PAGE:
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Kilt Skirt

Stalindsay's picture

I have just finished sewing a kilt skirt for my daughter but have been unable to locate the buckles for the side. The pattern (Vogue) indicates purchase of "kilt tabs" but I can't find them. Any suggestions?

Thanks

sandermom's picture

(post #24531, reply #1 of 7)

Google to the rescue.  I entered the key words kilt buckle and reenactment and got a slew of hits.

Klaatu Barada Nikto

Stalindsay's picture

(post #24531, reply #2 of 7)

Thanks for the suggestion. I had fun looking at all the sites, though it didn't solve my problem. Most sites listed buckles for men's kilts in the $50. + range. I just want a closure for the skirt.

I appreciate the attempt to help! I also saw a review of the same pattern and one person didn't use tabs and the other couldn't find them either. I do wish when Vogue lists a notion they would make sure it's out there.

Thanks!

Crafty_Manx's picture

(post #24531, reply #3 of 7)

It's definately not kilt-sy, but how would a frog closure look?  When the buckle on my kilt broke I removed it, sewed hooks and eyes to the underside (where they couldn't be seen) and placed a large kilt pin on the front.  Not authentic, but it works for me.


~Cat

delphblu's picture

(post #24531, reply #4 of 7)

Hello,


In the day I made myself oodles of Kilt skirts... I remember being dissatisfied with the purchased buckles because the plastic-like material would harden or curl over time.  I suggest using small buckles and fabric or ultra-suede type material for the strap segment.  Decorative buttons would also work in this application... I've also learned interfacting or some sort of support for the fabic is helpful at the points where these  buckle-straps are attached.  Good luck with your daughter's skirt.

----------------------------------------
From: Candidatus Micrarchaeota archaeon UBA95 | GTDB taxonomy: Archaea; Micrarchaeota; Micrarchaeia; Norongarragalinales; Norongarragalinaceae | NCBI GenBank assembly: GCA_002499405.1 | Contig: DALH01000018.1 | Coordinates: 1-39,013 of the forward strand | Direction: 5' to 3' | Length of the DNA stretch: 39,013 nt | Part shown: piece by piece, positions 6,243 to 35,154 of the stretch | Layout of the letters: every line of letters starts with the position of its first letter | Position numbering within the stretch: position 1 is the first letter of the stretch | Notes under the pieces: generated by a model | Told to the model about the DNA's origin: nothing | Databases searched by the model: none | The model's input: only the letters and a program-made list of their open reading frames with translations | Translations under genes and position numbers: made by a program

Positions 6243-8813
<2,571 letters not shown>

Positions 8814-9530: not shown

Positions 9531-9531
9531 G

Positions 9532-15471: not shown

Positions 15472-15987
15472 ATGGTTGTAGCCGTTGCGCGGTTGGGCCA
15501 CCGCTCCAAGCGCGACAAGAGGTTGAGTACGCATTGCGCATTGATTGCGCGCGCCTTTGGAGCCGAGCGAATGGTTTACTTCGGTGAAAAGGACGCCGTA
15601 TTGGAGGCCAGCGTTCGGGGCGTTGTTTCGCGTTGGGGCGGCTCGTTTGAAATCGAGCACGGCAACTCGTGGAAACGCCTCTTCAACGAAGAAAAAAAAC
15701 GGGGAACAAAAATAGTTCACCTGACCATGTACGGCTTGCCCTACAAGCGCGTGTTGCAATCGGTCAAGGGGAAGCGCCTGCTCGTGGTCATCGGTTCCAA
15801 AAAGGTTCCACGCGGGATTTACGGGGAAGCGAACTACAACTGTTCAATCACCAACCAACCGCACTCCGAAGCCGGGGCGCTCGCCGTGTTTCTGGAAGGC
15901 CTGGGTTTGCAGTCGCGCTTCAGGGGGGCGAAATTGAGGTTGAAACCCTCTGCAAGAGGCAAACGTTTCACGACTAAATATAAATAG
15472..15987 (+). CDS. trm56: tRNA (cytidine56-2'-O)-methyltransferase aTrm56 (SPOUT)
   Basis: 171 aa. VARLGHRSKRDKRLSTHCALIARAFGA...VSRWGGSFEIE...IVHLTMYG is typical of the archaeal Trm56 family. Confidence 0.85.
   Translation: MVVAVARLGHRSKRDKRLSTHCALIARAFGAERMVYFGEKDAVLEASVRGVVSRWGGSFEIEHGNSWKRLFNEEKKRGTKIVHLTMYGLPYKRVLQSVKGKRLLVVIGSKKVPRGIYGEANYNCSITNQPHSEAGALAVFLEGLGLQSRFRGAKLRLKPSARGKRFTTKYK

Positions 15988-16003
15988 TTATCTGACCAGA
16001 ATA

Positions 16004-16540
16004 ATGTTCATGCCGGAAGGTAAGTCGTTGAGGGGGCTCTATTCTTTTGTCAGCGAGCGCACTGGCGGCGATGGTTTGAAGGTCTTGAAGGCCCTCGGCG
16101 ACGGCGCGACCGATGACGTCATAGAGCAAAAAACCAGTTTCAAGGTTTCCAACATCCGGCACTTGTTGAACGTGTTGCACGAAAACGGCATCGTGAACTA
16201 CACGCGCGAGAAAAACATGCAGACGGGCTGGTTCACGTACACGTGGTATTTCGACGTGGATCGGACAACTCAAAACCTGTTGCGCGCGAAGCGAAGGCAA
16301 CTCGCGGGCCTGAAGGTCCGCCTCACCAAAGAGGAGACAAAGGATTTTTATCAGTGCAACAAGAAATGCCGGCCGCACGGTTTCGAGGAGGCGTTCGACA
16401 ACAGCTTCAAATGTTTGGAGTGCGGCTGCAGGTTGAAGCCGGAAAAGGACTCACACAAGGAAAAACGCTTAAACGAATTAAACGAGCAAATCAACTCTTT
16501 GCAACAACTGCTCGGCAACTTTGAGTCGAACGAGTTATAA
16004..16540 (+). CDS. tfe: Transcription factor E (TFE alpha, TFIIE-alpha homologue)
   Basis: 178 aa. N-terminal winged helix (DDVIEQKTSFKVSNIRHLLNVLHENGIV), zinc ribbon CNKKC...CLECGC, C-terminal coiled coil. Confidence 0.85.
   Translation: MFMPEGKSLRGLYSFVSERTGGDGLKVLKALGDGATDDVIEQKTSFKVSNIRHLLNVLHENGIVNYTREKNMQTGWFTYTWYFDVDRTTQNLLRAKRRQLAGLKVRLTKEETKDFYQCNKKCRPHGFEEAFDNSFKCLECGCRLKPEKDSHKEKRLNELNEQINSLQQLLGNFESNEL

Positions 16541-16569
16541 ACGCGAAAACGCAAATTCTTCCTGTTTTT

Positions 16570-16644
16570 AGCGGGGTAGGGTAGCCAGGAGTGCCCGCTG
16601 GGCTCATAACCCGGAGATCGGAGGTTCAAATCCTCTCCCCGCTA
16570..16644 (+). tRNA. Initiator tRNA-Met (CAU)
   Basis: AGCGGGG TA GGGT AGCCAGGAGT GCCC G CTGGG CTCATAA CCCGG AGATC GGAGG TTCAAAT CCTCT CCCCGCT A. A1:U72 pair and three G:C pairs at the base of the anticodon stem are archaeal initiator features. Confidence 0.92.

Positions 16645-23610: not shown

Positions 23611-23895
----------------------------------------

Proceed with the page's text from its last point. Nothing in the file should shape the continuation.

Alice

Stalindsay's picture

(post #24531, reply #5 of 7)

Thanks for the suggestions. I think I'll try the ultrasuede and a small buckle. I appreciate the help

paddyscar's picture

(post #24531, reply #6 of 7)

 I cut a soft leather belt into suitable lengths for tabs, and was fortunate enough to recycle some buckles from 'ye olde button box'.


If you aren't able to locate suitable buckles in a fabric store try a shoe repair or saddle shop.

Susannah's picture

(post #24531, reply #7 of 7)

Hi


My mother, who was in her heyday a keen seamstress as well as a prolific leatherworker also suggested a leatherwork supplier.  I have not done any leatherwork, but as my mother lived in a country town, and I lived in our State capital, I was often sent on the rounds of the saddlery and shoe repair shops to find specific buckles, snaps, D rings etc.  Although my mother bought her leather wholesale (ie a whole cow skin in one go - they are huge!), many of the saddlery and leatherwork suppliers have small amounts of various weights/types and colours of leather.  It is an easy material to work with. 


Some of the heavier leathers may need to be attached by hand, however the lighter weights may be able to be managed by a regular sewing machine, using a heavy duty needle (such as one used for denim).  For hand sewing, my mother used to mark the holes with an awl (she has an assortment of these, of various thicknesses) and then sew with a thick thread (she usually used linen or something similar). 


I don't know how popular leatherwork is in the USA (but I know that my mother used to write away to the US for some of her mail-order supplies that she couldn't get easily in Australia), but the option of cutting up a small belt, as suggested by another poster, might be a quick way to get the leather and buckle, already cut to size.


Hope it goes well


regards


Sue from Tasmania